Back when I was making the mini tricorn hats during the first class I considered instead of tiny little mini-hats, to do 3/4 size hats instead. Unfortunately the instructor didn’t have any blocks that were fully 3/4 size, so I used a block slightly larger than 3/4. I started off by blocking (and then sizing) two layers on the crown, and while it was drying I blocked two layers for the brim as well. I only found out afterwards that I could have done this single-layer.
Once the sinamay was dry, I took it off the blocks, trimmed the crown, marked the brim, cut out the centre from the brim, and hand-stitched a sinamay collar (leftover from the trim of the crown) to the tabs on the brim. Only as I was finishing the hand-stitching did the instructor let me know that I should have use buckram instead. Oops! From there I attached the crown to the brim, and then trimmed and wired the brim edge.
I still need to trim the brim (I’m thinking gold duppioni silk) , add the sweatband, and then trim the hat itself (with the same fabric as the brim trim). Any thoughts if I decide not to go with the gold? I like a bit of texture rather than smooth fabric – so I think duppioni will be a good fabric… but I’m open on colour! If you have any suggestions – please add them to the comments below!
my blue sinamay waiting to dry
This is the blue sinamay that I brought from home – the sinamay is much loosely woven, and had no sizing – it also didn’t seem to absorb the water or sizing I added, and the result was a fairly floppy mess. I could have tried to figure something out to make it work (I thought of binding it and wiring the edge) but I didn’t have the supplies or tools needed in class to give it a go – and I wanted to spend my time on more successful projects too!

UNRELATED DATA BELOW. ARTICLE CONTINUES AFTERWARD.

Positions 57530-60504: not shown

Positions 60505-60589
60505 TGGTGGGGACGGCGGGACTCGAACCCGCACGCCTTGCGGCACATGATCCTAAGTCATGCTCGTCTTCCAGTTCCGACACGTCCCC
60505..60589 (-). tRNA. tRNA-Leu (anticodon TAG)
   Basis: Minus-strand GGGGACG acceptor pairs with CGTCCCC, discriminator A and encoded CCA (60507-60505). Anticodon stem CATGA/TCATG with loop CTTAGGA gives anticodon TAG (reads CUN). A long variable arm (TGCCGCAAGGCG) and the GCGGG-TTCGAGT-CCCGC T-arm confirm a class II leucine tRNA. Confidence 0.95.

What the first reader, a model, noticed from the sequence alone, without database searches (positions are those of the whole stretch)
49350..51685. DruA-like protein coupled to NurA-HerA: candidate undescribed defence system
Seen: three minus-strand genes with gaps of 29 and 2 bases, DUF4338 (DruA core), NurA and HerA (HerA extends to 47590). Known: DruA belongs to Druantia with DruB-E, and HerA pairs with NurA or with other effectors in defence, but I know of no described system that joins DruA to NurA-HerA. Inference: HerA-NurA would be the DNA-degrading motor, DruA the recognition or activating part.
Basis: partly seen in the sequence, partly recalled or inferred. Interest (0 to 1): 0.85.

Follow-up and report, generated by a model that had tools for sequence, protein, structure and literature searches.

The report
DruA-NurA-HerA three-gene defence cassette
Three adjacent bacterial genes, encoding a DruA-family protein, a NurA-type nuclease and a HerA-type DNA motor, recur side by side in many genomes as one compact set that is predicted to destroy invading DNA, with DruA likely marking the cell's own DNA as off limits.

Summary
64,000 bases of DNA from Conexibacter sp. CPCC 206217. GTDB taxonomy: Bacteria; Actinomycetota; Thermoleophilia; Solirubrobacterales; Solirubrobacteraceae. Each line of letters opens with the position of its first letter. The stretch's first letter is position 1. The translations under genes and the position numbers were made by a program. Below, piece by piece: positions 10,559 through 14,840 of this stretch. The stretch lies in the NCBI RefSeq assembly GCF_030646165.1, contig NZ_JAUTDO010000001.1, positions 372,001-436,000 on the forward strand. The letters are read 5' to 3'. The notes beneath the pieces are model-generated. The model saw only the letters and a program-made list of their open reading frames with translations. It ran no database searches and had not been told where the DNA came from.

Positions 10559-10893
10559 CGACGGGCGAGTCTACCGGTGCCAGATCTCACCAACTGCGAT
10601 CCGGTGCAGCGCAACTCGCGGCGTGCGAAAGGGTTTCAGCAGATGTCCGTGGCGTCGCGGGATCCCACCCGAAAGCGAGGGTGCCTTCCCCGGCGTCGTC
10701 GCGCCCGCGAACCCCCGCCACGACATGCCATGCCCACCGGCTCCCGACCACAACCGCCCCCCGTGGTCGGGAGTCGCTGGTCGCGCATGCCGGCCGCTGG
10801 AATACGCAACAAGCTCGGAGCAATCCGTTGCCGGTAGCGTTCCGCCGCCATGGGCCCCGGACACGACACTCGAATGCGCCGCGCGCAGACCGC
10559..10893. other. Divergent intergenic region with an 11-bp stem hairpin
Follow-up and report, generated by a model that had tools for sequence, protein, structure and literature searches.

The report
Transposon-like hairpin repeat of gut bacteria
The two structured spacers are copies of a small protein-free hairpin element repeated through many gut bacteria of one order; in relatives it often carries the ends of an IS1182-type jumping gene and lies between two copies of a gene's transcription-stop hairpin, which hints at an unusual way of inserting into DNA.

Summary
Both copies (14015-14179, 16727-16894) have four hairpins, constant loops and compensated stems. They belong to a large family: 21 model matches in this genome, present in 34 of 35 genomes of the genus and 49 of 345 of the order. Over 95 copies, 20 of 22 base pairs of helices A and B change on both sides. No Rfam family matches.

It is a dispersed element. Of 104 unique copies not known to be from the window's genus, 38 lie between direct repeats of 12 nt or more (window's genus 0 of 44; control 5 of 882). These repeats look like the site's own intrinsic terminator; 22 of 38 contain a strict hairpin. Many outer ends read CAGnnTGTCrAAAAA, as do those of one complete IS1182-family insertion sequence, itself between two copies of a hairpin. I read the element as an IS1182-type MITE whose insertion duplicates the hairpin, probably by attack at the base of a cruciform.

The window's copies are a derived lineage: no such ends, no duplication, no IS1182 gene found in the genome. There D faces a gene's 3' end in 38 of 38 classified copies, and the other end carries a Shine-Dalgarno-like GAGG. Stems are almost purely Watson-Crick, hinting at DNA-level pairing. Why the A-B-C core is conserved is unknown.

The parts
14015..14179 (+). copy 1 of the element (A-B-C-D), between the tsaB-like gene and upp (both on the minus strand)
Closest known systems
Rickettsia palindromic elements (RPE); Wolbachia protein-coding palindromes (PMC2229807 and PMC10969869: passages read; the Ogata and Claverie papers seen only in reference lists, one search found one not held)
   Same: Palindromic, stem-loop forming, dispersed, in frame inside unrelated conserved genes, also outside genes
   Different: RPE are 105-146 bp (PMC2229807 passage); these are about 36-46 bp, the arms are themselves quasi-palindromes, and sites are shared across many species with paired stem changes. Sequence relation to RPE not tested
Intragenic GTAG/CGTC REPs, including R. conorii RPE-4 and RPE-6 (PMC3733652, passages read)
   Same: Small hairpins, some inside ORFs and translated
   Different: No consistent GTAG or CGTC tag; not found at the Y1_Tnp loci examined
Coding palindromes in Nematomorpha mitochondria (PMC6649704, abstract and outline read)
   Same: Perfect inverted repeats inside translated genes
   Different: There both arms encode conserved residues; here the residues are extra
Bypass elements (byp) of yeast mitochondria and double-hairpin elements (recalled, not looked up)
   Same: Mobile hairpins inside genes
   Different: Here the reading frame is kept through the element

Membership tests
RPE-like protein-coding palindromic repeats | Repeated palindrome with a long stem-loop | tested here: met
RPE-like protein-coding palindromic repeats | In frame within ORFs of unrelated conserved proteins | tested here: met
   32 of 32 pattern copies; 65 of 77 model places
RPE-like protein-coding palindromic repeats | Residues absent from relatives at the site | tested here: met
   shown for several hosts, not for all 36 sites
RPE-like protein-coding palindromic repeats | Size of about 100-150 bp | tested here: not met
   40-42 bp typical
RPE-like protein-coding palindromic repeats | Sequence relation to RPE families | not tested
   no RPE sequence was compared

Side comment on sinamay
One of the things that I found annoying about sinamay was similar to the buckram. Firstly the sizing really dried out my skin. I didn’t like that at all! Also, when working with the sinamay, just like the buckram, it has a tendency to catch threads, poke out, and even at one point I got stabbed by the sinamay in the finger to the point of drawing blood. I think that if I were to work with it again, that trying to use a pair of gloves might be something to consider….
Works in progress – Fur felt
Brown fur felt cloche
Brown fur felt cloche
I love how luxurious the fur felt looks… I didn’t like cloche hats on me when I was working on straws, but as soon as I put the hood on my head, I knew this would work a LOT better. I basically just started off with the rounded block in my size, and blocked the felt on it. It took a LOT of steam to get it to stretch and be smooth – but the result worked out very well. From there I let it cool, tried it on, and then turned up the brim at the front. From there I steamed and shaped that. After trying it on again, I think that I could have made the crown shorter – but at this point it’s a bit too late.